Then I spotted the old Magnavox miniature boom box. You know the one--single cassette player, AM FM radio. The basic unit.

Five bucks.

Its cassette deck doesn't work, but the radio is fine. Excellent sound. Can listen to local radio now and save the computer for special times and distant stations, such as the Red Sox network from Boston.

Taking a cue from Gov. Rick Perry, I prayed that God might give me a radio along with the enlightenment I obviously need.

At least I got the radio.



TS

Friday, August 5, 2011

A Gift in the Mail


A copy of Bill Deemer's new book, Variations, came in the mail yesterday.

Bill drew the cover and designed the interior. Very nice. He went with a 6 x 8 format, which complements the book's short poems and economy of style to great effect.

Knowing what you want is half the battle, and the Eugene poet delivered the goods.

Here's a poem from the book:


SCENE


Looking out of windows,
that’s what I do with my life.

This morning I watch
the old rooster
hop straight up
seven or eight inches
to pluck an elderberry
while overhead
a cedar waxwing
dines upside down.

Looking out of windows,
I think it must be a calling.

from Variations


Here's a link to the November 1965 archive issue of Poetry, where three of Bill's early poems found recognition.


TS

Deconstructing Simons


Because he has a restless and inquiring mind and can leave no good deed undone, Deemer has taken a "chain saw" to my movie at his
archive website.

His reinterpretation of the material is bold as he finds what he refers to as "the spine of the story." From my point of view, and I should have one--right?--the title I gave the movie makes it the poet's story rather than the novelist's. I found the poet more interesting in other words and went with that.

Charles flips that on its ear to interesting effect. The story moves with blistering speed in his version. He shortened and deleted sequences that even I have doubts about.

Alas, in the end, I think it moves too fast, but who wants to quibble?

Aside from his interpretation of the material (the most interesting aspect of his work) we're really talking about differences in pacing between the two edits.

Thanks to Deemer I now have another image of what I want to do with the project, something that might be termed a middle path.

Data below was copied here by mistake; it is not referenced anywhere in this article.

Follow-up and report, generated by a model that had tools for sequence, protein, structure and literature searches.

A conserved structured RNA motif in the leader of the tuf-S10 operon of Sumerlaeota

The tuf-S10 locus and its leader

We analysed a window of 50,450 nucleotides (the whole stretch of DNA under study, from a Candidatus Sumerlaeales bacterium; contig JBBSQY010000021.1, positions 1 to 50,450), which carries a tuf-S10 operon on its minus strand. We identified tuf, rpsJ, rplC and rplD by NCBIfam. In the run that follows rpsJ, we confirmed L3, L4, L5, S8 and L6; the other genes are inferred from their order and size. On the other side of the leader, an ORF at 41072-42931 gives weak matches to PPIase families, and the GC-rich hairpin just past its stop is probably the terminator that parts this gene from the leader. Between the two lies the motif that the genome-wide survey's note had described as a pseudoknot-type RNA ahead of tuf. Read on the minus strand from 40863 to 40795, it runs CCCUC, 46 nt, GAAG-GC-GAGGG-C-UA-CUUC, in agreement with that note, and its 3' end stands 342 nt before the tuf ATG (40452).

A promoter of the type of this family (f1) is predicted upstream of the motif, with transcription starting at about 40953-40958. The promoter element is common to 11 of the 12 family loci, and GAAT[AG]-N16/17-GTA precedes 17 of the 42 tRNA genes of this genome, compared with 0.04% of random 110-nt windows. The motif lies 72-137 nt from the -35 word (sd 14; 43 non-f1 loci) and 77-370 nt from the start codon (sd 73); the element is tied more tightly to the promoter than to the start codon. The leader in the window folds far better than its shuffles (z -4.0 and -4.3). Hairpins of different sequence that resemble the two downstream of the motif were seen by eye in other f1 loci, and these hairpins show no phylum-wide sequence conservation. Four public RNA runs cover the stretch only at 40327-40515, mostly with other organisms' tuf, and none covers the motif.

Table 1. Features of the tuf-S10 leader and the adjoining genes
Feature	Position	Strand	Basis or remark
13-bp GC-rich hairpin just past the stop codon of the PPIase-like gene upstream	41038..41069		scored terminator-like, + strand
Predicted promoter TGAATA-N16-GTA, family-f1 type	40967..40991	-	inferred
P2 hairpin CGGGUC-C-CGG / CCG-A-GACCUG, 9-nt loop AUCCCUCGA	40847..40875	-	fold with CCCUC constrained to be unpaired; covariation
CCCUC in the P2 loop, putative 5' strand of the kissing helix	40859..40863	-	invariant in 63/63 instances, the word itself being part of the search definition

The work continues...


TS

Wednesday, August 3, 2011

The Visitor is Online


After an hour of tense WTFs this morning, CD was able to capture my Movie Maker video file and prepare it for its online destination at the University of North Carolina, where his archive is stored.

Deemer has a short part in this video, which is how we determined it would fit into his archive.


Thanks Deemer!

Here is the blurb I wrote for the site:


On Making a Small Movie


Back in the late-eighties I read a short story that blew me away. Man, I thought, this would make an interesting movie. Too bad I don't have the money to make a movie.

The short story was "Artist at Home," one of my favorites by William Faulkner.

A few years later I was sitting with a group of neighborhood friends in a Northwest Portland watering hole and we started to fantasize.

I'd already written a full-length screenplay adaptation of the story, I informed the group. We could likely pull it off if I shortened it up and minimized everything, including the sets. Make it real simple, just tell the story without all the pop and heat and money a real film requires. Might look like a stage play more than anything. Worth a try.

I asked for volunteers for my no-budget project, cajoled, and promised the moon.

My friends stepped up, I borrowed some inexpensive video gear, and we shot the thing on VHS over two weekends. We had fun and a lot of laughs and even a few of the artistic differences that seem to creep into any kind of project, large or small.

Pizza and beer smoothed the situation over and I had a bunch of raw footage to edit.

I did it, tussling with a host of tech problems that threatened to overwhelm me. I passed out copies to the performers, thanked them, attended a viewing party (actually I fled, because I didn't like the video) and thought, well, I learned something through all of this. It's not as easy as it looks!